Red Hat, a seller of Linux software and services, beat analyst estimates for the third quarter, by a penny, Thursday, posting revenue of $22.4m, and an adjusted net loss of 1 cent per share. Analysts, surveyed by First Call/Thomson Financial, had exepcted a loss of 2 cents per share for the company's third fiscal quarter, which ended November 30.
Revenue increased 112 percent from $10.5m in the year-ago quarter to $22.4m, while the company's net loss slimmed from $5.4m to $900,000, the company said.
Durham, North Carolina-based, Red Hat, Caldera Systems and VA Linux Systems are established Linux companies, each trying to use the popularity of the open-source operating system to carve out a niche in the computer industry.
Linux, which is available for free or very low cost, is rapidly spreading in popularity, yet that acceptance hasn't translated into instant wealth for Linux companies.
In addition, as Linux become more mainstream, it has drawn more attention from established companies such as IBM. Big Blue this week said it will spend $1bn on Linux development in 2001.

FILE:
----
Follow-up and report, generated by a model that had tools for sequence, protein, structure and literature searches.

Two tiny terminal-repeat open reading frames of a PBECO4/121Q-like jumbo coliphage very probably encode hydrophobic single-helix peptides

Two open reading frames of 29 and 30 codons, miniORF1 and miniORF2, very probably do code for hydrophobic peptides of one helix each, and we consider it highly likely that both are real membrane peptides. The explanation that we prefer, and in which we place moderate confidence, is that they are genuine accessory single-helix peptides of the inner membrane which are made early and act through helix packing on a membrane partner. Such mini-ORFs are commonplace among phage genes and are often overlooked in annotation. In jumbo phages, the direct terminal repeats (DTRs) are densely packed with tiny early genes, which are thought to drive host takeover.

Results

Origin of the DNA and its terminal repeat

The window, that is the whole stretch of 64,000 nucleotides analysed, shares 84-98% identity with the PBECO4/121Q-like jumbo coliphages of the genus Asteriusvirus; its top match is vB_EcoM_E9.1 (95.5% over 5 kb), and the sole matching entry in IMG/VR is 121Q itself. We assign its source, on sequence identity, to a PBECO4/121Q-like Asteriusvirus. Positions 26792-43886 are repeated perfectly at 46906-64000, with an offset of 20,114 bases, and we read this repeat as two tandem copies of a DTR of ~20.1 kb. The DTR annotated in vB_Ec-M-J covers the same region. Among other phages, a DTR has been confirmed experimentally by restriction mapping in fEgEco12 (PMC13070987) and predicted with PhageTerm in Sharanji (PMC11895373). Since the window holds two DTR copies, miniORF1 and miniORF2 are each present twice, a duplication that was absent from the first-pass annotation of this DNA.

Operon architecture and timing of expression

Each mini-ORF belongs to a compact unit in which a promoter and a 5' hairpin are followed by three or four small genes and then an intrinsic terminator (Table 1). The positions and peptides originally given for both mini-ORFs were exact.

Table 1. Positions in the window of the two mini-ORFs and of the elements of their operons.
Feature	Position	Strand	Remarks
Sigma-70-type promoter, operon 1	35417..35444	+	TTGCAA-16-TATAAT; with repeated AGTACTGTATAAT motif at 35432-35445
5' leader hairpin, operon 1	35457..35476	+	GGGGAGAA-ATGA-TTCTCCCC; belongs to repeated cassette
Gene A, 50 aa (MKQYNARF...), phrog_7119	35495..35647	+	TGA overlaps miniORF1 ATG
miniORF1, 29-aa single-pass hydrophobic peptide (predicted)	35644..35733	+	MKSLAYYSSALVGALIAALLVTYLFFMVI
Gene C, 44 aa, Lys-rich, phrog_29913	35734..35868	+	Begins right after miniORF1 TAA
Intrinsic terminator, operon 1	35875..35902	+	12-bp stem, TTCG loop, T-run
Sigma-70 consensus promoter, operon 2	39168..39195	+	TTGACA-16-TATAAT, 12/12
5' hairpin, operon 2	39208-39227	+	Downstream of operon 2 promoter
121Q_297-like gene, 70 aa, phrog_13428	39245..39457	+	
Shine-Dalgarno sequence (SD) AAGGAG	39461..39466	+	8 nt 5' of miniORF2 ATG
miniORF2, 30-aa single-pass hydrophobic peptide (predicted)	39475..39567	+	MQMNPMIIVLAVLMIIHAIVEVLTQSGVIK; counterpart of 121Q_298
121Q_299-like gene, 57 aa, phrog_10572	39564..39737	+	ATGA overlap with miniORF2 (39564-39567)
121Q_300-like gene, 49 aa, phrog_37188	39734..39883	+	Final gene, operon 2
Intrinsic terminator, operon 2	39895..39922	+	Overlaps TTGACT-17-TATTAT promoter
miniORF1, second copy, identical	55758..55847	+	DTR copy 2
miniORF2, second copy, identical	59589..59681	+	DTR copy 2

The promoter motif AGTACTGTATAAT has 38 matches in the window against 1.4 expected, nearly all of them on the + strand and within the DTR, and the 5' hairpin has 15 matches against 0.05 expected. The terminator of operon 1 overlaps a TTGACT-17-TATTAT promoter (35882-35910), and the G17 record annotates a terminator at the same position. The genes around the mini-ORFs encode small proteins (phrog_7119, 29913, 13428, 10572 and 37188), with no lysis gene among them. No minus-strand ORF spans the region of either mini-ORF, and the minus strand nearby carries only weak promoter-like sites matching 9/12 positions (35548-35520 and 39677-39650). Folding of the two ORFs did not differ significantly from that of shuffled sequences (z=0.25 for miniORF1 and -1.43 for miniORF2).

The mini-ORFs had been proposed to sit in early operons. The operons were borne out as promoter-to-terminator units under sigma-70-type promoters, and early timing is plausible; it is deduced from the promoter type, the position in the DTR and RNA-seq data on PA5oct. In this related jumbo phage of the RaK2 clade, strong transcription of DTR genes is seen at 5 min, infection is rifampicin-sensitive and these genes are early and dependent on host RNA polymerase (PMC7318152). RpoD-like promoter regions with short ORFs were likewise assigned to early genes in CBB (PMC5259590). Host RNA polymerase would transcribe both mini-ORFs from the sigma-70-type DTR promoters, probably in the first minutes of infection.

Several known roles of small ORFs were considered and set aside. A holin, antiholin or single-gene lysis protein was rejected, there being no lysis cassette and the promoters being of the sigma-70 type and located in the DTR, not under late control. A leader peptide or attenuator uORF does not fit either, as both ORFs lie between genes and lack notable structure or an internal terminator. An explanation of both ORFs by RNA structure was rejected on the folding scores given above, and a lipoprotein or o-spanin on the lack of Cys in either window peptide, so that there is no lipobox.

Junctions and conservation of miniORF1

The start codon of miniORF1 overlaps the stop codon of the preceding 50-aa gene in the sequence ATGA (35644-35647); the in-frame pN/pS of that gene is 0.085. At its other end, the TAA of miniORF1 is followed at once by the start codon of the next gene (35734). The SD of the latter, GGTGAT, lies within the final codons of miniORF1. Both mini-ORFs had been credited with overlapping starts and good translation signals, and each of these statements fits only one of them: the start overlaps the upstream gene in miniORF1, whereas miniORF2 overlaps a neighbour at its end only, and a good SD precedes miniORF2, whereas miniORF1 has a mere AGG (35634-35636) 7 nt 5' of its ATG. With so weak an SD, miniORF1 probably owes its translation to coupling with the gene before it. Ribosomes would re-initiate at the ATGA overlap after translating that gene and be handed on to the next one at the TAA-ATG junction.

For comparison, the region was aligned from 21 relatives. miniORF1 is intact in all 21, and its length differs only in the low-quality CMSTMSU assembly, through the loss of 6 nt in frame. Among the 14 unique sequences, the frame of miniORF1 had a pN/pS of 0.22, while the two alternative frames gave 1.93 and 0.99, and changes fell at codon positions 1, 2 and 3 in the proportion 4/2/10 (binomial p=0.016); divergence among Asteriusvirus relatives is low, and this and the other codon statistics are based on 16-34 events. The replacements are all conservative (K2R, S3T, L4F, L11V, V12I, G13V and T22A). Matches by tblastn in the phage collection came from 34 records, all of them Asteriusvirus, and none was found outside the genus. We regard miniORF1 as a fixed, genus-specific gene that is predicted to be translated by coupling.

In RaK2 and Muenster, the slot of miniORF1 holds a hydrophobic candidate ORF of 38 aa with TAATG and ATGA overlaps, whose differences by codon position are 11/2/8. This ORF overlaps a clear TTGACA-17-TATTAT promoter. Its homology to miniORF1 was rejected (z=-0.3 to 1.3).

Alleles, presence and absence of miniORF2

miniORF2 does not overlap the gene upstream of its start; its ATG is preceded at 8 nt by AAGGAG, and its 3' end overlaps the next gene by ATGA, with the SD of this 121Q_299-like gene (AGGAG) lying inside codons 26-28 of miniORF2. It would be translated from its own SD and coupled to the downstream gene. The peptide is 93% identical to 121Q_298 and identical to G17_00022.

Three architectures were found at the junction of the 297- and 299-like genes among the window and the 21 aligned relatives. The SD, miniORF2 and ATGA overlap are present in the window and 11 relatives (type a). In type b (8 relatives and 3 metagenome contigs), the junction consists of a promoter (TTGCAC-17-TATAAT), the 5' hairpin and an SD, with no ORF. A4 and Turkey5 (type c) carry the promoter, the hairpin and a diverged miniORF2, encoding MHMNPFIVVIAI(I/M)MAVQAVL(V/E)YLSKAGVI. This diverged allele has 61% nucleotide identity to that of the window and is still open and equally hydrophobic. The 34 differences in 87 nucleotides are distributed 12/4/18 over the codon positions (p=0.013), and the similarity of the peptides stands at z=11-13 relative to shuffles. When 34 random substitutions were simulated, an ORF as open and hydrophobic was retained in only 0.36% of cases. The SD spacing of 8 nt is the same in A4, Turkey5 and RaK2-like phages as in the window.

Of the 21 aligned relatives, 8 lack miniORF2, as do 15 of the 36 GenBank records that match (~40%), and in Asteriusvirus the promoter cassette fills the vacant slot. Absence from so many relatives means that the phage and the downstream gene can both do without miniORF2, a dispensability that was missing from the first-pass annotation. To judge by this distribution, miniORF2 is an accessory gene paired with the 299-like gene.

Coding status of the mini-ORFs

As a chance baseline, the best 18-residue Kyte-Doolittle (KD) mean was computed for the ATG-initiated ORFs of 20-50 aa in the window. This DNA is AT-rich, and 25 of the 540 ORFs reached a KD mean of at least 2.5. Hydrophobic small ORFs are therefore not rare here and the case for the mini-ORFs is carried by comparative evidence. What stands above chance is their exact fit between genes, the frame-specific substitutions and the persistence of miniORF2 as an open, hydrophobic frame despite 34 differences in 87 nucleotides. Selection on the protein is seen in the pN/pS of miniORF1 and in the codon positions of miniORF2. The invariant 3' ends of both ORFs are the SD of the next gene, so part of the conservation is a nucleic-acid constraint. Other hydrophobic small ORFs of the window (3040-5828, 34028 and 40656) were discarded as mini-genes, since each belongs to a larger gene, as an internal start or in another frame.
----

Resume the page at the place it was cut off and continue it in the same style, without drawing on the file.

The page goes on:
ABN AMRO analyst Keith Bachman said he has "many concerns" about Red Hat, in a report Tuesday.
"We want to see more evidence that companies are interested and willing to pay for the Red Hat Network," a subscription service in which customers pay for automatic updates to their software, Bachman said.
"While we feel the Red Hat Network is a good strategy, we also feel that it could take a few quarters for Red Hat to realise a significant financial impact."
In the third quarter, the company earned significant revenue from the market for non-PC "embedded" computing devices. Among other deals, Red Hat won a $1m contract to translate programming software to the Samsung Calm line of low-power chips.
Gross margin, a measure of profitability, improved to 60 percent from 41.5 percent in the year-ago quarter, the company said.
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